Indeed, more than often, some disputes emerge between the players. Most of the time it is based on the fact that people put themselves in opposition to each others, and that, like in real life, nobody really wants to be the loosing one. But if there is a conflict, somebody is likely to loose. And then, things go to drama. My character is stronger, no it is mine, and so on and so on … Using a “meter” (an attachment adding some systems of life points to bring more realism to the role-play fights, and used theoretically to remove drama: if you lost the metered fight, you lost it) does not prevent drama to occur AT ALL. I would think that drama comes even more commonly in the SIMs heavily using meters (but that is just a feeling from an “observer” point of view). The current answer against someone calling you to create drama is that this people is “Godmoding” (playing a character with God-like powers: my character is too strong, I can not lose, I can not be beaten, etc …). Or “Metagaming” (using information and knowledge your character is not supposed to have to foster your character purpose … for instance, reading the Tags or profile of the other characters … if your opponent write in his profile: I am a Vampire, directly attacking him with Holy Water or any kind of weapon supposed to damage a vampire without giving him the chance to actually give you role-play clues suggesting he may actually be a vampire).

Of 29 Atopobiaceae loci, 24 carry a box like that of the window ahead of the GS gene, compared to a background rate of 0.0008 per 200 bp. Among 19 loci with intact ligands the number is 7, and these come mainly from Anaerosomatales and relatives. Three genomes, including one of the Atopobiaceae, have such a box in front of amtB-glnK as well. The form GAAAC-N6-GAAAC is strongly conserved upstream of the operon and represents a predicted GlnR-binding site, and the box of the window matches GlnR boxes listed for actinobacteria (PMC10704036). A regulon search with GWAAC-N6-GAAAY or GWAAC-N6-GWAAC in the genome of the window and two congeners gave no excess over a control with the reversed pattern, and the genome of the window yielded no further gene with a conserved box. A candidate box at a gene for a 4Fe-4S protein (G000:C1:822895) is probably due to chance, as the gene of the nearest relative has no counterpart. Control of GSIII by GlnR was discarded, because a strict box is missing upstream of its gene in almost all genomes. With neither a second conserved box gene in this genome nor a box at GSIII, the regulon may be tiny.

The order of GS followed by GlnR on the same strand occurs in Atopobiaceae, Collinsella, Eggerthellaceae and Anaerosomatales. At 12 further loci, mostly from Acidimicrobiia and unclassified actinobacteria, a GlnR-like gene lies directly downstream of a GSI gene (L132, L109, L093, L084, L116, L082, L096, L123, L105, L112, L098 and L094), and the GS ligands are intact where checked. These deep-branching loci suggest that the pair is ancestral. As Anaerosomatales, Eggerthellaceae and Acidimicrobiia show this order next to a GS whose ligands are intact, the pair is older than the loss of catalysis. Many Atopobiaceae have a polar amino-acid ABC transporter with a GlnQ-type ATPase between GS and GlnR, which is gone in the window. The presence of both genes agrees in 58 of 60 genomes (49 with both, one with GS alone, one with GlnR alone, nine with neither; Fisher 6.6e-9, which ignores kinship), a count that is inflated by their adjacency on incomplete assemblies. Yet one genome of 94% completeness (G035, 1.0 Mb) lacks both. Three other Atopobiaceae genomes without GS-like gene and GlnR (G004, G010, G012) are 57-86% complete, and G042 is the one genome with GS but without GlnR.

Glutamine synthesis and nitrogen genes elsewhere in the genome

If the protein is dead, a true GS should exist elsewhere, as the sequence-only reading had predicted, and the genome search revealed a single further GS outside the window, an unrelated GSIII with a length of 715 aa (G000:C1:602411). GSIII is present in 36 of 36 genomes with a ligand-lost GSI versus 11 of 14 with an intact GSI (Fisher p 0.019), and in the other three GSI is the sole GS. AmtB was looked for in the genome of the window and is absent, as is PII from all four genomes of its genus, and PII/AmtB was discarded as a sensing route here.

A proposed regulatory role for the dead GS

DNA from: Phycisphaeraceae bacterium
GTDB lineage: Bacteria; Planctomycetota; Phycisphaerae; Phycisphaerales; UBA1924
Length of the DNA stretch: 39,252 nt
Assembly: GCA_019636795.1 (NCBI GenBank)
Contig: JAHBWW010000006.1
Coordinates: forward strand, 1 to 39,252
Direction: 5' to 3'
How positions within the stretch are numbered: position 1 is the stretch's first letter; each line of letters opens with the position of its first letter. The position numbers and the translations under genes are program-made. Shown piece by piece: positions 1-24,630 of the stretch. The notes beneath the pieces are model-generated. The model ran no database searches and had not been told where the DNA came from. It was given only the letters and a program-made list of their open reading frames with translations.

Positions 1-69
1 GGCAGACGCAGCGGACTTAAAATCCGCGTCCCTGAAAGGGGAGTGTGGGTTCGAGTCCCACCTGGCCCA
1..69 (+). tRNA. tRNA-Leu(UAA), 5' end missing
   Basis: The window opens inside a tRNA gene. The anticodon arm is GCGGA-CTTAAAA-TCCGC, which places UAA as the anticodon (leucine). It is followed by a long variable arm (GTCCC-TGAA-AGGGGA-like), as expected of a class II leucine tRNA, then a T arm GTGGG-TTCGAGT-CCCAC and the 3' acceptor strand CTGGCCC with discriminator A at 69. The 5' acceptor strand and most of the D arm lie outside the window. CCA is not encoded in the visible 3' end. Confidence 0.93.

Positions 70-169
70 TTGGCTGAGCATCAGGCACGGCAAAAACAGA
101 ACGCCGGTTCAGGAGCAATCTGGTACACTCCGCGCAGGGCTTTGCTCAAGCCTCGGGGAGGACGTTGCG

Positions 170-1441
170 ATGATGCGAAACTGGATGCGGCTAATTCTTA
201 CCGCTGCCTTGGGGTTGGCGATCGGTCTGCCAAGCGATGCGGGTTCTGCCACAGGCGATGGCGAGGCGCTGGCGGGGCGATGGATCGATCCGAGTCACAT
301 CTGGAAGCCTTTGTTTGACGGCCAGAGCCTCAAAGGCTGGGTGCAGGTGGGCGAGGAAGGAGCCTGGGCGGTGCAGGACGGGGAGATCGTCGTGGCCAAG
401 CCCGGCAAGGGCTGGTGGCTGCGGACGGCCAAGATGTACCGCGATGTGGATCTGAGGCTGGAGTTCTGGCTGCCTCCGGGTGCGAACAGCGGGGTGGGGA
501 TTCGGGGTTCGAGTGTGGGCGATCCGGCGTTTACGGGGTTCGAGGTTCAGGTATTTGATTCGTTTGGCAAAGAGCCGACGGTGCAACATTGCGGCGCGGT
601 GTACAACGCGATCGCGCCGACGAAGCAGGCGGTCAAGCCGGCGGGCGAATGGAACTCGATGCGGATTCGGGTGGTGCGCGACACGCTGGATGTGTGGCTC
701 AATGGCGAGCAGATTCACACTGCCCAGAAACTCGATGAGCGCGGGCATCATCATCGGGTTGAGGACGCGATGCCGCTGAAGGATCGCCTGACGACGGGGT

But now the question remains … if everybody comes to enjoy, why this need to show that you are the strongest? And why this need to develop your character at the expense of others (who come here for the very same reason somehow)? That is simply fascinating me really … Something even more interesting that I observed a few time … When a new comer steps out of character in main chat in a role-play SIM, immediately, dozen of GM, Admins, and older players will rush at him. If they are nice, the new comer will receive a full lecture on how to role-play (by people who may actually not have such amazing role-play skills … for having observed kind of a lot of role-play settings and situations over the last few years, I am always surprised to notice that those who come to you to claim: “I can give you some advices on how to role-play” are often not the best role-players). But more than often, they will simply threaten the new comer with a kick or even a ban.